Operating theatre waiting room blog post


Sri Lankan hospital waiting rooms are usually big, noisy and crowded. The operating theatre waiting room by contrast is small and quiet. With fluorescent lighting, low ceiling and mournfully soppy Sinhala pop Muzak dripping through the speakers. With only an occasional variation into a bit of hopeful Amaradeva. The all pervasive whiff of antiseptic (THE theme smell of medicine) is playing in my nostrils. The glassed partition puts you on show to the people in the cramped corridor.

We had followed the patient up to the operating theatre. Medical parent went inside to “observe”. Mainly to keep the patient’s wife confident. They are probably chopping away in there.

It is not a complex operation. Medical parent is confident about the surgeon and the anaesthetist. Yet the waiting room has a nervous vibe. Relatives are exchanging squeamish details of by gone medical procedures. Mostly about relatives killed by incurable medical conditions, ignorant neglect or blotched operations. I’m fairly ruthless to the edge of rudeness about heading off trajectories of negative conversation. But the battle to keep the conversation on lighter positive topics is lost.

More extended family pouring in. The details of the original event is regurgitated. The conversation takes a positive spin. News of whose marrying who demonstrating (yet again) that there’s only 1.168 degrees of separation among Sri Lankans. Then accounts of encounters with Basil Rajapake’s convoy. A story that government ministers have been sequestered in the Jaik Hilton under armed guard.

There are Thermoses of coffee. Some chocolate and Tiffin biscuits. After the snacking things quietens down. The music has faded from the speakers. Replaced by the hum of invisible yet formidable machines (most likely the central air-conditioning). The men have gallantly surrendered the few chairs to the aunties.

Eventually the Pirith books come out and there is a bout of hushed chanting & meditation. Tactfully the men discuss business in the lobby outside. I’m in a quite spot jotting all this on my PDA. Backlight off to conserve the battery power. Outside Colombo – most of it any way- is dozing toward midnight which is less than an hour away. Spousal unit has lugged her work laptop to stay busy.

My mind is refreshingly blank about the future. Eventually the doors will open. The masked and gowned high priest will pronounce a verdict. The patient will be wheeled back to the ward and onto to the long steady road to recovery.

All along there’s another family group seated in nervous silence. One member resembles a South Asian Mr. Bean. They occupy a clutch of chairs in the lift lobby. Periodically they make lunges to operating theatre door. Perhaps for news and hope. Then meekly crawl back. Their relatives come and go talking with Sri Lankan loudness on mobiles.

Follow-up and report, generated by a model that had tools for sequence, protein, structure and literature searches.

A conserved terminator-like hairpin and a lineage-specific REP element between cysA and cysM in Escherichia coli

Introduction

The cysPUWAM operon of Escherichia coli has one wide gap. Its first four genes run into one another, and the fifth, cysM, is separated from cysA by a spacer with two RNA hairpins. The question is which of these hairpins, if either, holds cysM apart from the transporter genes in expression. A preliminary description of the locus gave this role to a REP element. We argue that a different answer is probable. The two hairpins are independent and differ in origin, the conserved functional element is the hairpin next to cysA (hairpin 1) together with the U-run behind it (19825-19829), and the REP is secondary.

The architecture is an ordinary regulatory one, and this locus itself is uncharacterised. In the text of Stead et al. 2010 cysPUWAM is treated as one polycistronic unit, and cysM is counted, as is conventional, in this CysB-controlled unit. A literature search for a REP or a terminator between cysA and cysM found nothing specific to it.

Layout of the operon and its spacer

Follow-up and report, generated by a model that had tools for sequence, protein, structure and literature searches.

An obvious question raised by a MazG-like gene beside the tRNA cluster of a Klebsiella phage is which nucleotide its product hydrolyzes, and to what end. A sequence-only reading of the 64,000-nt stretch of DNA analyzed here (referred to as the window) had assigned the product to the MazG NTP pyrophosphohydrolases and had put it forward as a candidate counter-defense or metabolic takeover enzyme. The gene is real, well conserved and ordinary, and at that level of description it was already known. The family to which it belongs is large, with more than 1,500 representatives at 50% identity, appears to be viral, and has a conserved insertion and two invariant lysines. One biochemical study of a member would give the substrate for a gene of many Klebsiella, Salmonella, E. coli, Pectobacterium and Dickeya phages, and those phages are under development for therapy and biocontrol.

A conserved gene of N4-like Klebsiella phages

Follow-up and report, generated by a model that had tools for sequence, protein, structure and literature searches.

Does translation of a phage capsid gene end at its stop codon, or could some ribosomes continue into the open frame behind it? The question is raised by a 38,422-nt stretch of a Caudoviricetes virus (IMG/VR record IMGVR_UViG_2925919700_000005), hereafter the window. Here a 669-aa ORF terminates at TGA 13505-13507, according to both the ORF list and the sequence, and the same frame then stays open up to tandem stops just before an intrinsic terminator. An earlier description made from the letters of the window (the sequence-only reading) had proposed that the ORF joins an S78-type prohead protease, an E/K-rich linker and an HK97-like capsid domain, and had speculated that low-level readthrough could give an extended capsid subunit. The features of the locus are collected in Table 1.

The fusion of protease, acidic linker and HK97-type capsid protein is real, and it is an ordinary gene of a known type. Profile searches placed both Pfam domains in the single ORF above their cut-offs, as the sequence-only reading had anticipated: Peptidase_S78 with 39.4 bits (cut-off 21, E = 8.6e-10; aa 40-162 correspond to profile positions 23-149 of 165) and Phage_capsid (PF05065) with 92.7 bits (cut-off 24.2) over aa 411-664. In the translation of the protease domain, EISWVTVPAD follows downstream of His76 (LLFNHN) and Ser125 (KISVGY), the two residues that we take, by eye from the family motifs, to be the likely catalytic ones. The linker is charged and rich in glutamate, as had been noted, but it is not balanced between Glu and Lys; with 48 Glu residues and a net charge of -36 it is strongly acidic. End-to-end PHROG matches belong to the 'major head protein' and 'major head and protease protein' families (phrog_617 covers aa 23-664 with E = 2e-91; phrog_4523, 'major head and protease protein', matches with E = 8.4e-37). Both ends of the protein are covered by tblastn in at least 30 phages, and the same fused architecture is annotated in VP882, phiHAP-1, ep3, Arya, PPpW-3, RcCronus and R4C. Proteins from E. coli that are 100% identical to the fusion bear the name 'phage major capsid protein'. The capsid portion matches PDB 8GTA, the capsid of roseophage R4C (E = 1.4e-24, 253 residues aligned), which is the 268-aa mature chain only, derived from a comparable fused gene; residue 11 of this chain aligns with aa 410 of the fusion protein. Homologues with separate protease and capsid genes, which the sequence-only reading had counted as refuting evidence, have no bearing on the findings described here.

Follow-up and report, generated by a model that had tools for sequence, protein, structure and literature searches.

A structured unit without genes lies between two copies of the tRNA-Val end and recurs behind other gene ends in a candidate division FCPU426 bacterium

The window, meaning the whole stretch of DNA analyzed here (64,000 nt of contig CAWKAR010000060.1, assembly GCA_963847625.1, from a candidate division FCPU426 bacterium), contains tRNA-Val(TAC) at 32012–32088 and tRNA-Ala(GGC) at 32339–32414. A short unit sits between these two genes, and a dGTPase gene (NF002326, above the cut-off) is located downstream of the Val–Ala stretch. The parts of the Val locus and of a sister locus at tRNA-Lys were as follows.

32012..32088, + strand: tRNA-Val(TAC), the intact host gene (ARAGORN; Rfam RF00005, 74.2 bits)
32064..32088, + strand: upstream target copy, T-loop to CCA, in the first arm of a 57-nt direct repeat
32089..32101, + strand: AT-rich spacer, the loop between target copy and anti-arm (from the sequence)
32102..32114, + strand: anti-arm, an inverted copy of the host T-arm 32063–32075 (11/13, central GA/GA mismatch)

Finally a phone call from medical parent from within the theatre – the operation is a success. The patient is being sewn up. Hugs and smiles of relief. I feel odd about the confidence I felt about this outcome – despite my lack of medical knowledge. The fact that I wasn’t scared or worried at all. Perhaps its the whole sense of disbelief about the events of the last few days. Eventually the surgeon walks out in his normal cloths. Describes the injuries as a close call – in could have been far far worse.

We troop back to the ward just in time to see the patient being rolled in and moved onto the bed. The patient want to make phone calls to overseas offspring. Relatives are leaving now. More hugs. Its way past midnight. Only half the lights in the corridor outside are on. Creating a hushed temple like atmosphere. I have to cart medical parent to another hospital across town. Hope I get up for work on time (I didn’t).

Three hospitalisations in the family this week. Thankfully all recovering at various states of steadiness.

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3 thoughts on “Operating theatre waiting room blog post

  1. Hello Cerno,
    I hope ur patient is well by now.

    This reminds me of incident. when I was small, I went with my late Uncle to Gampola hospital to see a relative. he was a education inspector. He had nothing to do with hospitals. But when he walked towards the theatre ward side nurses became frantic. They started to swithing on the lights and doing that and this in the theathre for a welcome… lol, to see, they had mistook him for a Doc with his specs and figure. This happened around 95 and the operation theathre was newly built.

    Like

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